FSA Does Not Understand Tax Return Income
Feb 03, 2014
We received some correspondence from a CPA whose is battling with the FSA on the definition of AGI for S corporations, LLCs, LLPs, LPs and other similar entities. The FSA manual on page 6-12 lists the line items from federal income tax returns for computing AGI for purposes of payment limitations. For corporations filing using Form 1120 (C corporation) the guide computes AGI using line 30 on Form 1120. Line 30 comprises all taxable income and expenses of the corporation including all non-farm income, sales of raised breeding livestock held more than two years and Section 179 deductions.
For S corporations, the FSA instructions indicate that the agent should pick up line 21 income off of the first page of Form 1120S. Line 21 income does not reflect all of the income and expenses of a Farm S corporation. Whereas Section 179 is allowed as a deduction in arriving at line 30 C corporation income or loss, an S corporation reports Section 179 expense on page 3, Schedule K, Line 11. Also, if the farmer sells raised breeding stock that generates a Section 1231 gain, this is also reported on page 3, Schedule K, Line 9. Therefore, if a FSA agent simply follows their instructions, they can grossly overstate OR understate the actual AGI of the S corporation. These same issues apply to LLCs, LLPs and LPs.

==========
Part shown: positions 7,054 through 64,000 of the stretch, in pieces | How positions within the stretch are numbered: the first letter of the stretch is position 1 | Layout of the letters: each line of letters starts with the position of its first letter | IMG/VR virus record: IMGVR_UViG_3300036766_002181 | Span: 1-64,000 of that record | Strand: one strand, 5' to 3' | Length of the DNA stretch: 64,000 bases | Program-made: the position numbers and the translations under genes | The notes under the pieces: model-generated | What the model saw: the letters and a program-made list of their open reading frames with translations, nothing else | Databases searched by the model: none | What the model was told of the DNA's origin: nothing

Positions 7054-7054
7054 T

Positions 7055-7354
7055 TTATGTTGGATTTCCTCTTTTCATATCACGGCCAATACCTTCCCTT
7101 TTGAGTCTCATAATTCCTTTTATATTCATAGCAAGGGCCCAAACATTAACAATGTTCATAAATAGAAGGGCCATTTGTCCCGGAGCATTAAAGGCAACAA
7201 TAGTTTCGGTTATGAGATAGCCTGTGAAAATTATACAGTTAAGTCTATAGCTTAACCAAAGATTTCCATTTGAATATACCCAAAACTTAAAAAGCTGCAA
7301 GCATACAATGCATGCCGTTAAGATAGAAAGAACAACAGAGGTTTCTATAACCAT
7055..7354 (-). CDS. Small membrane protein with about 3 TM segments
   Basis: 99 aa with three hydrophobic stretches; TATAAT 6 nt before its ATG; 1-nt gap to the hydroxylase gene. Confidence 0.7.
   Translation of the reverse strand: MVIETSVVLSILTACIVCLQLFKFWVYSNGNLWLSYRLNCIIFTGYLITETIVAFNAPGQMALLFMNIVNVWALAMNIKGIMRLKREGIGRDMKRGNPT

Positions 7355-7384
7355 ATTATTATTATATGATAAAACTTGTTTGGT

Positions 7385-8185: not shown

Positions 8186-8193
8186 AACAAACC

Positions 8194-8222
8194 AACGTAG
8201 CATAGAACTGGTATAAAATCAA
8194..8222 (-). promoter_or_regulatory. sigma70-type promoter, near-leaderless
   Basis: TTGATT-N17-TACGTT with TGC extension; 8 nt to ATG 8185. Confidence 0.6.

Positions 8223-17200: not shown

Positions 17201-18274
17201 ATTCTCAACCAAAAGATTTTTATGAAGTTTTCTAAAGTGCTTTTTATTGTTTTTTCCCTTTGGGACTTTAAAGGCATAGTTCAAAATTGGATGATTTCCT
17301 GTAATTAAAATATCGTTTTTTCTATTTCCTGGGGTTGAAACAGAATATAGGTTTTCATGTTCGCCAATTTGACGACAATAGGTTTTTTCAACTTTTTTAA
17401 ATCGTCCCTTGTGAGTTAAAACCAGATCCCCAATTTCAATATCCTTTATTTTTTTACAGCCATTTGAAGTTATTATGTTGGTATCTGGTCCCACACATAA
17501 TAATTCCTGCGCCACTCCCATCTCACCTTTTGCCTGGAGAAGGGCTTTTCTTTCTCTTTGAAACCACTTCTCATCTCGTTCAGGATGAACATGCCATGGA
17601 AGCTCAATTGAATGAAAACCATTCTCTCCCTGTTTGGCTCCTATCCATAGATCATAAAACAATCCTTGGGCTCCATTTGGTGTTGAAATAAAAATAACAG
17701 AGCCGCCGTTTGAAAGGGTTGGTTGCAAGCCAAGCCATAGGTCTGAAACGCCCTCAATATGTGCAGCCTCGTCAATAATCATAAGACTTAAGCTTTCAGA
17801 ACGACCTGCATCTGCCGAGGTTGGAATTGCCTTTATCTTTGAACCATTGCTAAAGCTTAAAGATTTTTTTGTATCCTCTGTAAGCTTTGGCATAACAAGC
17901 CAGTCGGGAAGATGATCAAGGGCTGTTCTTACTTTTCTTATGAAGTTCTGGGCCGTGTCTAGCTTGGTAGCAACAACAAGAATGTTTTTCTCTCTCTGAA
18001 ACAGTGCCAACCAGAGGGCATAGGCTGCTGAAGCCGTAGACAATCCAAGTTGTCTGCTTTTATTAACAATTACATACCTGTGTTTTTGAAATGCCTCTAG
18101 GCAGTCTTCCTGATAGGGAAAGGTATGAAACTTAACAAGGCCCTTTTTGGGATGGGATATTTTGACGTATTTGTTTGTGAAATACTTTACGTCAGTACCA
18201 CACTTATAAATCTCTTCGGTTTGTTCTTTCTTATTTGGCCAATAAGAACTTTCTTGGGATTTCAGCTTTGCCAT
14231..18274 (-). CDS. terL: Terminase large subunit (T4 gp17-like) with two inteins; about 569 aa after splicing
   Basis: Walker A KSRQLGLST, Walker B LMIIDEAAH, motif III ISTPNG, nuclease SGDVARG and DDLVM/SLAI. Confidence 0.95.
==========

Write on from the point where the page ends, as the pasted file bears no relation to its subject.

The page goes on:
As an example, let's assume we have a farm that files either as a C corporation or an S corporation. Its gross net income before Section 179 deduction is $900,000 and after Section 179, its net farm income is $400,000. It has no other items of separately stated income or expense items. The C corporation will report $400,000 of net farm income on line 30 of Form 1120. However, the S corporation will report net farm income of $900,000 on line 21. The Section 179 deduction of $500,000 is completely ignored. All farmers and tax preparers would conclude that the net farm income of either corporation is exactly the same, however, the FSA will now penalize the S corporation by completely disallowing any direct payments paid since average AGI exceeds $750,000 (assume the previous two years had the same set of facts).
We are trying to pass this information onto the relevant personnel at the FSA, however, these things can take time to change. If there are any FSA readers getting this blog, we would appreciate your help in getting this resolved. The FSA manual is over 400 pages long and this is what the local FSA personnel are required to use. Even if we know it is wrong, it is not wrong to the local office until the manual is updated.